What do you think of when I say “roasted vegetables”? I’ll bet it’s the usual suspects: eggplant, zucchini, red peppers, onions…all good choices, but a little prosaic at times. Well, vegans and vegetarians have some marvelous other choices. Tonight’s dinner — a collaborative effort with Barbara — was an example.
After placing two sweet potatoes (or garnet yams) in a roasting pan, she put them in an oven preheated to 425° F. She cut and roasted in the same oven 1-inch thick steaks cut from a fine head of cauliflower. Separately, she sauteed onions, garlic and a can of Italian tomatoes in olives oil, then added some pitted, coarsely chopped Kalamata olives. Next step was to place the sauce on the reasonably tender steaks and roast that until the flavors concentrate. Top with chopped chervil or Italian parsley.
In the meantime I did a very simple Roasted Napa Cabbage, after cranking the oven up to 450°. Here’s what emerged from the oven:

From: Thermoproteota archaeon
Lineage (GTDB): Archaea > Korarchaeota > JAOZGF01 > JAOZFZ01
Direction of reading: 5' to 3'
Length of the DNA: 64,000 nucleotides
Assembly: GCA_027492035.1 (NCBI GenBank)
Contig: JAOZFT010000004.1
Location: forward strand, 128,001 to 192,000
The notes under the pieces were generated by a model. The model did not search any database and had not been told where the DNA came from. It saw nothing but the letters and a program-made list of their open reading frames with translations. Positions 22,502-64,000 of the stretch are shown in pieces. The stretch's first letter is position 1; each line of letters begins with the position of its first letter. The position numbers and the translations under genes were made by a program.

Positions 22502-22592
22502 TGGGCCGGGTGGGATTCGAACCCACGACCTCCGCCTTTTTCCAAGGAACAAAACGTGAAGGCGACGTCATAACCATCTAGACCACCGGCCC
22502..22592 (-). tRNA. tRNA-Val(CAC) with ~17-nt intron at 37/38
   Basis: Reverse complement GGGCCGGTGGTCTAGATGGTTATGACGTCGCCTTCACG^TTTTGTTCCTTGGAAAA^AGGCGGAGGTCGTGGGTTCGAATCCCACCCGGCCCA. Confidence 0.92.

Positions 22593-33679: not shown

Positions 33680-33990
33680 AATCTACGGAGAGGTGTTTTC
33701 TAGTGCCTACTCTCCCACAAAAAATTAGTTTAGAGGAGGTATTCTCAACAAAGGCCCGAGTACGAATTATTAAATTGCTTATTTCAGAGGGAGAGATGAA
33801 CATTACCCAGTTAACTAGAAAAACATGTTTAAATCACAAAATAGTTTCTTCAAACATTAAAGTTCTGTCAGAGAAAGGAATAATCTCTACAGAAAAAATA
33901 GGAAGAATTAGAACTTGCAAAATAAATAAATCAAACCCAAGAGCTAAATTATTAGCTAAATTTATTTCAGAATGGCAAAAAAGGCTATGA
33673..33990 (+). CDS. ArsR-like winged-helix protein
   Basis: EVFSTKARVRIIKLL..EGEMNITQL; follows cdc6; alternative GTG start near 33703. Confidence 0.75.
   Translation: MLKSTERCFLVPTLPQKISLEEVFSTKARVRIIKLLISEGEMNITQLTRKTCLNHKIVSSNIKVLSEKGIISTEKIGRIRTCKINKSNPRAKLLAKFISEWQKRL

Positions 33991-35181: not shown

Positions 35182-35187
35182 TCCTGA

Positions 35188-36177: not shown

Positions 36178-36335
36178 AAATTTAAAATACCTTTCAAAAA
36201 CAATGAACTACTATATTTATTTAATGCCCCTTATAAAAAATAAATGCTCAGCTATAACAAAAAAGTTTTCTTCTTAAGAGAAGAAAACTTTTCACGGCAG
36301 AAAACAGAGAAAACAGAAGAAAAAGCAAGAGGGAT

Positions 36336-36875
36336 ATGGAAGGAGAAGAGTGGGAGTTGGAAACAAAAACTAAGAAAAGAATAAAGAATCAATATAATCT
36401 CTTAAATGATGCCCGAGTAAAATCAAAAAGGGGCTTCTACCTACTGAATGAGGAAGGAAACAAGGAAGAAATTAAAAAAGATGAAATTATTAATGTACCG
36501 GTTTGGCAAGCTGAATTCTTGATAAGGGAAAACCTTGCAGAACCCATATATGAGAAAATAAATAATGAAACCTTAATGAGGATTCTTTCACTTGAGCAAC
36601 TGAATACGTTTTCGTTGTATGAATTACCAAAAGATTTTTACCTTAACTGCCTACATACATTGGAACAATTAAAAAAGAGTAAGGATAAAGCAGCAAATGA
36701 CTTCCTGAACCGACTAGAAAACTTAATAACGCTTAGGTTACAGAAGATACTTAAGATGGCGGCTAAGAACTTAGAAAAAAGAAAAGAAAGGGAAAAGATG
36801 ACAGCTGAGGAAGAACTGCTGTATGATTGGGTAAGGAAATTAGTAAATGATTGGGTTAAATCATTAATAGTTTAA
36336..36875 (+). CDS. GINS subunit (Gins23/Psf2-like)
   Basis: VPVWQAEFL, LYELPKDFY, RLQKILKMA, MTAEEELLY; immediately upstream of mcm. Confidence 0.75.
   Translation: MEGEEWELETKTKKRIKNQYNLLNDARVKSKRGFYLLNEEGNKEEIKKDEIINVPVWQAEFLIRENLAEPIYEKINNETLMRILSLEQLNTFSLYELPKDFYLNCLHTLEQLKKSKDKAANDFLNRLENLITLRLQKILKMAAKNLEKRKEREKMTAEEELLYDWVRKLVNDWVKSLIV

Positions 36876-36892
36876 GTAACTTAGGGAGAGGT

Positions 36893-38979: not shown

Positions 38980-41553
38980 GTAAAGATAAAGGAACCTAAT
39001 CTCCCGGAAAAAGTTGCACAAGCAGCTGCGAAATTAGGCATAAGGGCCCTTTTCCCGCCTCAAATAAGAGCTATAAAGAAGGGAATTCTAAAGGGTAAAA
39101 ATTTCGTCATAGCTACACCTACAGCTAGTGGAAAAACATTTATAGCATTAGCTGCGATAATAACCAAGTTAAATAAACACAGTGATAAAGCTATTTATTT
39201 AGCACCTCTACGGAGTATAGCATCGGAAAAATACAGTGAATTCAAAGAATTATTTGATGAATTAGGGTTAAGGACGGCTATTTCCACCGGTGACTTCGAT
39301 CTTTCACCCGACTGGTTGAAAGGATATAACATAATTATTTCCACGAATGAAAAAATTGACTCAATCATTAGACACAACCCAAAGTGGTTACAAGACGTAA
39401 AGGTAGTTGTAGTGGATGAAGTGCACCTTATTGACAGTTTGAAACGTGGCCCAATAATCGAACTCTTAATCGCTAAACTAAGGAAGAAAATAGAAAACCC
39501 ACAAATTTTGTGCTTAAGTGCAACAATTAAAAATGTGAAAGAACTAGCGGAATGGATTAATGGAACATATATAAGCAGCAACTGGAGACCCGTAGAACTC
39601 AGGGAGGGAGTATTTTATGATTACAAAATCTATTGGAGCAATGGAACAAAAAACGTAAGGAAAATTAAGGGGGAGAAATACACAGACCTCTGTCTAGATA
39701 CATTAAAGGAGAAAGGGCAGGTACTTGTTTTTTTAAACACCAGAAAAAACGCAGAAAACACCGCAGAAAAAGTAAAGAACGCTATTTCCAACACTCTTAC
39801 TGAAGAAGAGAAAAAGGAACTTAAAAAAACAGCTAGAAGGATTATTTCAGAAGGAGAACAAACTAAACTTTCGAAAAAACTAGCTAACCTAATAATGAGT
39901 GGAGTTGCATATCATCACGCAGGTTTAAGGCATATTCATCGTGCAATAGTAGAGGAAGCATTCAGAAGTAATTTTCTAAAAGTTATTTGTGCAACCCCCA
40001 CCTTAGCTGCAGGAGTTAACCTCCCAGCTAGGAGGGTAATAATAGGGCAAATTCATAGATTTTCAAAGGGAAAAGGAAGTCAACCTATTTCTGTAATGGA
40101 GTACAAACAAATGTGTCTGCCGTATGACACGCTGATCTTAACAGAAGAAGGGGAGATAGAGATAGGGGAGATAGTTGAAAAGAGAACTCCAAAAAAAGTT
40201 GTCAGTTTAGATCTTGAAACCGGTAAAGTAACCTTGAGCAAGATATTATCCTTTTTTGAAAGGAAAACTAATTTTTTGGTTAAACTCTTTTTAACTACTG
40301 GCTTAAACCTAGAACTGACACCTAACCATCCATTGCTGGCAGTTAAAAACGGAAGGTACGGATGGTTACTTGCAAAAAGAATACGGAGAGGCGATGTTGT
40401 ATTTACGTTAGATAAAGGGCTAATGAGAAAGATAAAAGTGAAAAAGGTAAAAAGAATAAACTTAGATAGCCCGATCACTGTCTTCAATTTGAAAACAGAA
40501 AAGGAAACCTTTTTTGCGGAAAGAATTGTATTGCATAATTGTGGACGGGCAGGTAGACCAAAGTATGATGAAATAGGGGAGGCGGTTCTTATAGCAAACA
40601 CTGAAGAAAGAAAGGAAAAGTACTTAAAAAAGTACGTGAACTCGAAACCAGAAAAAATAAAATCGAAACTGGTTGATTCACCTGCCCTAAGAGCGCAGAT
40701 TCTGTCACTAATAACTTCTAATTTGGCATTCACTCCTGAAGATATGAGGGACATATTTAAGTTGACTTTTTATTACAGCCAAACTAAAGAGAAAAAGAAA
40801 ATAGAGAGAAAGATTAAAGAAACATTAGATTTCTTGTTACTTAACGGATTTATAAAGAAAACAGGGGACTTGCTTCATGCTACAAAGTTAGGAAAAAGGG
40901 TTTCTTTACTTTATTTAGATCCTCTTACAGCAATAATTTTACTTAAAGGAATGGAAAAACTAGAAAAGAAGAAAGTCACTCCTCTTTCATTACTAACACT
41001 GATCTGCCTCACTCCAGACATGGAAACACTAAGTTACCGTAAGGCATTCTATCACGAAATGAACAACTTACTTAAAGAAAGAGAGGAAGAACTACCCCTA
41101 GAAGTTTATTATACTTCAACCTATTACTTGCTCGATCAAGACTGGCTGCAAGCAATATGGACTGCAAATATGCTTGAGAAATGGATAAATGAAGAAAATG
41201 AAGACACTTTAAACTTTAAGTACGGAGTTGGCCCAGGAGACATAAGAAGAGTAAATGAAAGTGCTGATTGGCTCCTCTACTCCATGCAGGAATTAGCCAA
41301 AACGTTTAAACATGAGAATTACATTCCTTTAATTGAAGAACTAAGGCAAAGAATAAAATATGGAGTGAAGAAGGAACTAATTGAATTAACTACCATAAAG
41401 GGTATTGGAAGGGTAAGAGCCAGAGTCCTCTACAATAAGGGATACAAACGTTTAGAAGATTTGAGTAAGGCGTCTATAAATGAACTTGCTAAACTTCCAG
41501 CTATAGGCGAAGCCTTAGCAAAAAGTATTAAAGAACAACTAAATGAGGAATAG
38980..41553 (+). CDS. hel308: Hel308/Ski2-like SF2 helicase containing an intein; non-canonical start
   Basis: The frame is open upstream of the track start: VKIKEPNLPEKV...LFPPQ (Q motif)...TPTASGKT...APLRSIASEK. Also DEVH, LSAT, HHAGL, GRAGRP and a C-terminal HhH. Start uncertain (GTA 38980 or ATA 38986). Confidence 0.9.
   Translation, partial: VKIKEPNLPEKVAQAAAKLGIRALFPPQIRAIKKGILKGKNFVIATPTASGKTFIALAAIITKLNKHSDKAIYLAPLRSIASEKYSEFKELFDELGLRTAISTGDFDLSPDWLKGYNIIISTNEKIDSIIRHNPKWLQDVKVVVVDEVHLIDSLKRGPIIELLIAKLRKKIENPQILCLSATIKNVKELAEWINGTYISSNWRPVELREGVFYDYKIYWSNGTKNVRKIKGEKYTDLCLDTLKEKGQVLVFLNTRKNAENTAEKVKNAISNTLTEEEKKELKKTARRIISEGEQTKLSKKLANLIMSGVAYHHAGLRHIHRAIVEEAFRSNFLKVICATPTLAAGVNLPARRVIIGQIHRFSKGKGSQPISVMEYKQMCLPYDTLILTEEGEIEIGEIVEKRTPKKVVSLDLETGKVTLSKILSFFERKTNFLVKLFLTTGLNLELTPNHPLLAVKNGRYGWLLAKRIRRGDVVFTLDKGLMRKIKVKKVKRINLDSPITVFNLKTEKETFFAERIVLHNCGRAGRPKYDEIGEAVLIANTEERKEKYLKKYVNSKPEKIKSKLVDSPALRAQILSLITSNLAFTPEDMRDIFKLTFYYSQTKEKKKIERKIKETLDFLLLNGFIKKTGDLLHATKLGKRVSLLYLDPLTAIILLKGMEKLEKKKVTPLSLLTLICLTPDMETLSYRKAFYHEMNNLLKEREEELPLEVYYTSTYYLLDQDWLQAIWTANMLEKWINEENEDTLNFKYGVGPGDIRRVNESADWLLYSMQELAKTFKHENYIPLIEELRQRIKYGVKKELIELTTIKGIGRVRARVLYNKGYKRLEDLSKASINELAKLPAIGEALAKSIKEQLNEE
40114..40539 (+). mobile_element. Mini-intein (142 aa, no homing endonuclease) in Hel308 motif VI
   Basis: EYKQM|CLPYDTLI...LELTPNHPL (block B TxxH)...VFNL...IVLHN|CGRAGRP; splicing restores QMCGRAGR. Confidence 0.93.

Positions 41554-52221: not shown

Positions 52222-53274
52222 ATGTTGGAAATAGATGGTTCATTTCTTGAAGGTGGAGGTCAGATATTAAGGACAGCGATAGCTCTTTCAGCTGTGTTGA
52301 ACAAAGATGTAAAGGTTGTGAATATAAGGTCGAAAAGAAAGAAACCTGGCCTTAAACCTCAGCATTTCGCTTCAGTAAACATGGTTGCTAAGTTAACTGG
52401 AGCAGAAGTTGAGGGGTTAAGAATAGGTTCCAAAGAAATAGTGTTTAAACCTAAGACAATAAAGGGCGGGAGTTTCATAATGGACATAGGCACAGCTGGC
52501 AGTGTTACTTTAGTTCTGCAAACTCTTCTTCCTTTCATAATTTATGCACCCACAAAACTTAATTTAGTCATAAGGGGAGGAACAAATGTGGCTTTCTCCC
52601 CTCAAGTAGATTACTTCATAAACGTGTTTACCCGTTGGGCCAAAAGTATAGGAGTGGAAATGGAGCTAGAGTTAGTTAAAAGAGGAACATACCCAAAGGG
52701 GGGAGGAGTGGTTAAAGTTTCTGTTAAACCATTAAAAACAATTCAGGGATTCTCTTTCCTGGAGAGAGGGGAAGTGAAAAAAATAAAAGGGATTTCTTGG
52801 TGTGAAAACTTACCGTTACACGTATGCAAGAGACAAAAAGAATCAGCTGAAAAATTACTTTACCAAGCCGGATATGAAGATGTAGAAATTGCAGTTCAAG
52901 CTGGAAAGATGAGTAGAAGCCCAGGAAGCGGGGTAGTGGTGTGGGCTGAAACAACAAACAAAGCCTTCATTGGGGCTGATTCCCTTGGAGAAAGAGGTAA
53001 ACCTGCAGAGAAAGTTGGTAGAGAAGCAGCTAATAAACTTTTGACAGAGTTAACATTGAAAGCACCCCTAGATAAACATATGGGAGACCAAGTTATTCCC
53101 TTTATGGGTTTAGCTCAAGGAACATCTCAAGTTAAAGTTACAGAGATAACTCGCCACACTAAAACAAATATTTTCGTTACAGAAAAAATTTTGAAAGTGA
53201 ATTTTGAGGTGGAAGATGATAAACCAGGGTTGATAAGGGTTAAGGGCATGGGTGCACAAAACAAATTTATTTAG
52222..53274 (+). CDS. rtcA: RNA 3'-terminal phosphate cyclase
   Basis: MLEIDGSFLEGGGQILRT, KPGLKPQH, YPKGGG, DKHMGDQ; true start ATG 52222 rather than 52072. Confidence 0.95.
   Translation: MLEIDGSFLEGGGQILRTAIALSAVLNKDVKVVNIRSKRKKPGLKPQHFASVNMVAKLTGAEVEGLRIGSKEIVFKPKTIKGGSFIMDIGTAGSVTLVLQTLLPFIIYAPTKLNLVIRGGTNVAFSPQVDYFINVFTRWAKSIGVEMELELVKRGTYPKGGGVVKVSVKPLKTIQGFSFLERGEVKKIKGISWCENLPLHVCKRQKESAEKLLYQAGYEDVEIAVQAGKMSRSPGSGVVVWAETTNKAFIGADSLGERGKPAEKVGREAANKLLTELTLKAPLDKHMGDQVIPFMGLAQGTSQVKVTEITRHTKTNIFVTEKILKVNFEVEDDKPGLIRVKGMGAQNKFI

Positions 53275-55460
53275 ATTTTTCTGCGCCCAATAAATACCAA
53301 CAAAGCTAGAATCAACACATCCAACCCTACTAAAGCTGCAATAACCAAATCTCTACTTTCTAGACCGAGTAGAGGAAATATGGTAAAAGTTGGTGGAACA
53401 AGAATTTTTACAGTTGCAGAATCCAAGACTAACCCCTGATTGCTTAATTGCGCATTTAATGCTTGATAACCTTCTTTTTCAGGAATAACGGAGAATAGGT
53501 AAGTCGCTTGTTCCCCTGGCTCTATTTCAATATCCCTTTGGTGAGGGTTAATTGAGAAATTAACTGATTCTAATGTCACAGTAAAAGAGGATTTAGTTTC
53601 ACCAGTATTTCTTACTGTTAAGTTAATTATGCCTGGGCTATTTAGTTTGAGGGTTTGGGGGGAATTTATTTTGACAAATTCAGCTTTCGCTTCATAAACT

Properly plated and served with a 2010 Li Veli Salento Negroamaro Rosato:
Excellent, but not quite done. I had an appetite for salad as well, so I cut up a single Belgian endive, added some shredded lettuce and washed young organic arugula leaves, and then finished it with a vinaigrette (salt, pepper, Spanish sherry vinegar, Puglian olive oil and a few drops of cool water) and topped with shelled organic pistachios and my miracle ingredient of the night — sprouted rye berries.
Where the hell does one get sprouted rye berries? Answer: one buys organic rye berries, soaks them overnight, drains them and then rinses them twice a day for 2 days, when they sprout. Add water to the quart jar and let it all sit for two days, producing the fermented liquid, Rejuvelac, for your smoothie each morning. After you drain the liquid for your drinks, the remaining sprouted, lightly-fermented rye berries are sweet, elusively-flavored and nutritious — and wicked good on your salad, especially with the crunch of pistachios. If that’s too much trouble, go without the berries, no problem. Buon apetito!